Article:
The Douglass family worked closely with the creators of the musical to ensure that their ancestor and foremother was recognized as the partner and soul mate that she was to Douglass. She of course was overshadowed by the often highly educated white female abolitionists who made up a significant portion of the abolitionist movement and who worked closely with Douglass. In his brilliant and masterful biography of Douglass, Frederick Douglass: Prophet of Freedom, historian David Blight does an exceptional job of weaving Anna’s importance and significance into Douglass’ story. Anna Murray Douglass made Frederick Douglass possible. Blight talked with Black women historians and writers who helped him to understand and develop Anna as a person in her own right in this text written by one of the nation’s preeminent White historians. Anna Murray Douglas left no letters, no written description of her inner life. But the Douglass’ life and the lives of their progeny are ample testimony to her intelligence, compassion, creativity, and dedication to freedom.
The second experience that had me thinking about the meaning of a “well-lived life” was reading a column by Washington Post columnist Petula Dvorak:
Starting in 2009 Larry Tutt got up at 5 am and rode the metro to Washington D.C.’s K Street, a part of the city known as home to scores of law offices and lobbyists. A stretch of blocks in downtown DC where people have power, work to get power for themselves, or are hired to get it for others. This is where Tutt set up a collapsible chair and called out to passersby “Have a safe trip” “Good morning” “Have a good day.” Over the more than 12 years that Larry Tutt sat in that chair and offered cheer, welcome, and yes love to strangers, he became a K Street fixture to many of those rushing by him on their way to work a friend. He died recently of liver cancer. I call that a life well-lived. Read his story and it will remind you despite the relentless assault of 24-hour news, all is not lost. We as a people and a nation, as a world are not lost. This was a man who had found his mission and who performed it faithfully whether he was ignored or embraced. Sort of like Frederick and Anna!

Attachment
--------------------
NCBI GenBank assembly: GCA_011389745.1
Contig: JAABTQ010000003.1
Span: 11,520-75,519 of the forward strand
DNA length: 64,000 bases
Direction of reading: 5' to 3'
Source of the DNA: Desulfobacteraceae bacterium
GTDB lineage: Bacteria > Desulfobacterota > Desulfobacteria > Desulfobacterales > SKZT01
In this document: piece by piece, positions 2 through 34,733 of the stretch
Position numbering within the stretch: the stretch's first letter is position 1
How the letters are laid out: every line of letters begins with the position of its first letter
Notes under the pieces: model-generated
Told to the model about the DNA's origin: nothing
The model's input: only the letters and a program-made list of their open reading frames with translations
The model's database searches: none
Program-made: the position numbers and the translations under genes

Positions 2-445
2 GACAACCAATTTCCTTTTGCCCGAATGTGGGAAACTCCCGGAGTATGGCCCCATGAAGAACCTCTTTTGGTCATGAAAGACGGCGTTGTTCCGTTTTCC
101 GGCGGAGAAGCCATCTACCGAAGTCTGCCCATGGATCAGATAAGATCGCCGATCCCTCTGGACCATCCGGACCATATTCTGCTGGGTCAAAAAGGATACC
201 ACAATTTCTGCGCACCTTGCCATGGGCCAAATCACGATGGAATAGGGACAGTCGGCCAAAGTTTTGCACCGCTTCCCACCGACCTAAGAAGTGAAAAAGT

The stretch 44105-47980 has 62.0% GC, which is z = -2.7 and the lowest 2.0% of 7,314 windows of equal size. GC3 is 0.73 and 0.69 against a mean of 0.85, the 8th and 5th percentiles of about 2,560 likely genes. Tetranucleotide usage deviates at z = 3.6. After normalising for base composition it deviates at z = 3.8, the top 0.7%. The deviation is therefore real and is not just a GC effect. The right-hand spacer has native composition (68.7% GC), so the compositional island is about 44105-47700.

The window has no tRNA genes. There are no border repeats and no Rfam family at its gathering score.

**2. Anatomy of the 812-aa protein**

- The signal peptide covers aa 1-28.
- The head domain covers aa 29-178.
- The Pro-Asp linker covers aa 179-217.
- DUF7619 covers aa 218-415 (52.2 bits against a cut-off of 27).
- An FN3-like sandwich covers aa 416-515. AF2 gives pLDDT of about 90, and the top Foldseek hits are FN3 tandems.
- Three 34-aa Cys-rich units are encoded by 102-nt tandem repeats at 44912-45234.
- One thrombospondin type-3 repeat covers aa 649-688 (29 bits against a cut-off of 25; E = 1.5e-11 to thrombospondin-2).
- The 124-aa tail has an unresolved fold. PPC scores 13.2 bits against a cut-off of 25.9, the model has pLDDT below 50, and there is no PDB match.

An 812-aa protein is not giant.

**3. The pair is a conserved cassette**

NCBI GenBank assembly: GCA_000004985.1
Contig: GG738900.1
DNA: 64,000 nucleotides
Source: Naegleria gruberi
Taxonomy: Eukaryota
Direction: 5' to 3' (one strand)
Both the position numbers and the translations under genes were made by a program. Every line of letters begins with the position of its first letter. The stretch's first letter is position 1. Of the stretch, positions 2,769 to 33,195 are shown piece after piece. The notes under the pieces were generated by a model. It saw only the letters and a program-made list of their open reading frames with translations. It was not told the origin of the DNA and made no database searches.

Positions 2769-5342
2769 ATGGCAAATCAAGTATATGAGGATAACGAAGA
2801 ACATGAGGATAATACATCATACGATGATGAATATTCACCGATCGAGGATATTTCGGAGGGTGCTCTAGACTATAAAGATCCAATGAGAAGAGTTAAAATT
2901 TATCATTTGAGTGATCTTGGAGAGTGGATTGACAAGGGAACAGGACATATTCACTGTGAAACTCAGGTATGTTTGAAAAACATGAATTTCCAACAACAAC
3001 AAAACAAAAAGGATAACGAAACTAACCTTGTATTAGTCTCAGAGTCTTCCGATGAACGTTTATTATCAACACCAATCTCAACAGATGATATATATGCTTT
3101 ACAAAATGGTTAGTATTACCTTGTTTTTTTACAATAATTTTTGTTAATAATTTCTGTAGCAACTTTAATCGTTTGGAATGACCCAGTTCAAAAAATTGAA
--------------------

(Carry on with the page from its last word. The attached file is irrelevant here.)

Watch the videos below for more on Anna Murray Douglass and Frederick Douglass:
Released September 15 in honor of Frederick and Anna Douglass’ wedding anniversary.
Frederick Douglass’ great-great-great-grandson and founder of Frederick Douglass Family Initiatives.
Interview with actor Cornelius Smith Jr. who plays Frederick Douglass in American Prophet.
Interview with Charles Randolph-Wright, American Prophet’s Co-writer/Director, and Marcus Hummon, American Prophet’s Co-writer/Composer.
Marita Golden is the author of 19 works of fiction and nonfiction. She is Co-founder and President Emerita of the Zora Neale Hurston/ Richard Wright Foundation. As a teacher of writing, she has served as a member of the faculties of the MFA Graduate Creative Writing Programs at George Mason University and Virginia Commonwealth University and served as a Distinguished Visiting Writer in the MA Creative Writing Program at John Hopkins University, and at the University of the District of Columbia. She has taught writing workshops nationally and internationally to a variety of constituencies and is a writing coach, workshop presenter, and literary consultant.